There are two types of trainers:  Those who ask for feedback from their clients and those who don’t.

If your goal is to help people, you need feedback and constructive criticism.  If you want to build your training business, you need the same.  You cannot truly give your clients what they want if you don’t ask.

Sometimes, trainers/coaches are afraid to ask these kinds of questions because they may not like the answers their clients give them.  However, these answers are the keys to growth.  Opening up for honest conversations with your clients will bring you valuable insight that can be transformative for your training methods and your overall business.  

Question 1:  What are you looking to get out of our training together?  

This seems like a no-brainer, but I have asked this question hundreds of times and have received answers I would have never imagined.  While it seems simple, people have many different goals and ambitions that you may or may not be aware of.  Rather than serving your clients how YOU think is best, why don’t you eliminate the guesswork and directly ask them what THEY want?  Their answers may surprise you.

The answer to this question should be something measurable; a goal.  Your client may be looking to lose 20 lbs by summer or add 25 lbs to their bench press before their next competition.  Whatever the answer, this is the ‘What’ behind their training and needs to be addressed as a priority.

The ‘Part II’ to this question is, “Why is that important to you?”  

This follow up question establishes the ‘Why’ behind your clients’ goals.  If the ‘What’ is the goal, the ‘Why’ is their motivation.  You may have someone who wants to lose 20 lbs; perhaps you assume the reason is for health, vanity, etc.  When you ask why that is important to them, they tell you it is because they want to be fit enough to play with their children because right now, they are too winded to feel like a loving, playful parent.

WOW.. did you have any idea that was their motivation before you asked?  Now, use this as a reminder when things get difficult for them – when they don’t want to work out, eat right, etc.  This will be an absolute game changer if you can reach the true ‘Why.’

Question 2:  What is your life like outside of ‘The Gym?’

This question provides you with important intel on your clients that you may not otherwise come across.  What is their life like outside of the environment you always see them in (the gym, remote training, etc.).  Do they have kids?  What do they do for work?  Are they active?  Do they eat right?  Is their significant other supportive of them?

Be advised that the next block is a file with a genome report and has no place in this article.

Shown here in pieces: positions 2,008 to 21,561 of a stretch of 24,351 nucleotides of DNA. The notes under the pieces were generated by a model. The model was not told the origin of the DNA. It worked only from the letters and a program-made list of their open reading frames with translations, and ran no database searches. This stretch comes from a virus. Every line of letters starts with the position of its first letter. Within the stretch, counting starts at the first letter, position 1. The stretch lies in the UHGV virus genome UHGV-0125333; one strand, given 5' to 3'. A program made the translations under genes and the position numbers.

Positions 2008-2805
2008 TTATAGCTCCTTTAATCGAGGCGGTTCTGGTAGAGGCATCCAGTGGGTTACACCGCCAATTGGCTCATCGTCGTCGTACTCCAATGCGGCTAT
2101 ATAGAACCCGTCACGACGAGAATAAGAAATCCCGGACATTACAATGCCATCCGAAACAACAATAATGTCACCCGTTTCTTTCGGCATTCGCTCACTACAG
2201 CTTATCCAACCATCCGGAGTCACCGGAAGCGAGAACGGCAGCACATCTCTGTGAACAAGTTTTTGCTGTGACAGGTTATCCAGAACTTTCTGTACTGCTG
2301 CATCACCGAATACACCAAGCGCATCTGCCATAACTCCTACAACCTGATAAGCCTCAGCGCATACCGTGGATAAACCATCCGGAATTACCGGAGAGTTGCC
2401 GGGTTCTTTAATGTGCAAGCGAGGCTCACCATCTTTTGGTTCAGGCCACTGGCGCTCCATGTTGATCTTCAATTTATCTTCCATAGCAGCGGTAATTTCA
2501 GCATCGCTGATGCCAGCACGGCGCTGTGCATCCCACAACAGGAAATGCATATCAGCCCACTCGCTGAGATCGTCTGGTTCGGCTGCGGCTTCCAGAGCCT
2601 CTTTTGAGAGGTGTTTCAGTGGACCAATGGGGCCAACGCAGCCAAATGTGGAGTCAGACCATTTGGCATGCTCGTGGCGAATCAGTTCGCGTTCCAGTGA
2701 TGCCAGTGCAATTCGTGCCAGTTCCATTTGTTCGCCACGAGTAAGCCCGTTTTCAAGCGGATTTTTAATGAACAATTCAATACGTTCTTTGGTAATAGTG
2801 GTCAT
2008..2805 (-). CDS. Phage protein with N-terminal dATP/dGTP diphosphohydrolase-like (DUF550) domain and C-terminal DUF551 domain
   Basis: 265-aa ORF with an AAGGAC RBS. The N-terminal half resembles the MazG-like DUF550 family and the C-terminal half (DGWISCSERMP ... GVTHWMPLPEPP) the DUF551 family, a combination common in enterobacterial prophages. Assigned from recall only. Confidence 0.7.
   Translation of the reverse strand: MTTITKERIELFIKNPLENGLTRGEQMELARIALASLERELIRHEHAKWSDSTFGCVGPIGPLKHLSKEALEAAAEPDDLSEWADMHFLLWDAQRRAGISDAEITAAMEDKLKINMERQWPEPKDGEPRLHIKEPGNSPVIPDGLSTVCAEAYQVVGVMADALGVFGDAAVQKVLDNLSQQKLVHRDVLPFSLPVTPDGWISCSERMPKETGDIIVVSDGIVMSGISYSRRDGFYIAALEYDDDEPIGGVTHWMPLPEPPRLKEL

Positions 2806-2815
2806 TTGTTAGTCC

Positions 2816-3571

Dig deeper to learn more about your clients.  Asking them good questions makes them feel like you are investing in them (and you should be)!

I know of a gym that asks you what your occupation is when you sign up. They keep a rolodex of all the people who are members and a network that supports itself.  Example: If I need a plumber, I can see that Bob is a licensed plumber and works out in the 6:30pm class.  I would rather support Bob than a total stranger.  What a brilliant idea!

Taking the time to learn more about your clients is not only valuable for you, but it is a feel-good exercise that can provide a stronger network and community among your clients. 

Question 3:  What can I do to make your experience exceptional?  

This can be a tricky question.  Clients will respond with all different types of ideas/services that you could offer.  While you won’t be able to cater to every request, there will be some nuggets of gold in these conversations.

Perhaps you have 10 clients who would really like to have a weekly nutrition consultation, but you don’t currently offer this kind of service.  They are willing to pay an extra $100/month for such a service, which would add $12,000 to your annual revenue.  ASK and then LISTEN.  

Perhaps there is something that you are not doing that could really help your clients.  Be open to constructive criticism.  Don’t ask and anticipate that you’re doing everything perfectly already – I can guarantee that there is something you can improve upon.  Don’t sit and wonder how to make your training experience better.  Ask your loyal patrons and they will answer!

Closing Thoughts

Asking these questions isn’t difficult.  Listening, managing the data you receive, and providing solutions is the best thing you can do to improve your business.  There is a reason why your clients are training with you.  Find out what that reason is and how to serve them best.  Chances are, you will learn more about them, yourself, and what your business needs to go to the next level.

Are there other questions that you find valuable?  Let us know in a comment below!

Until next time, stay moving!

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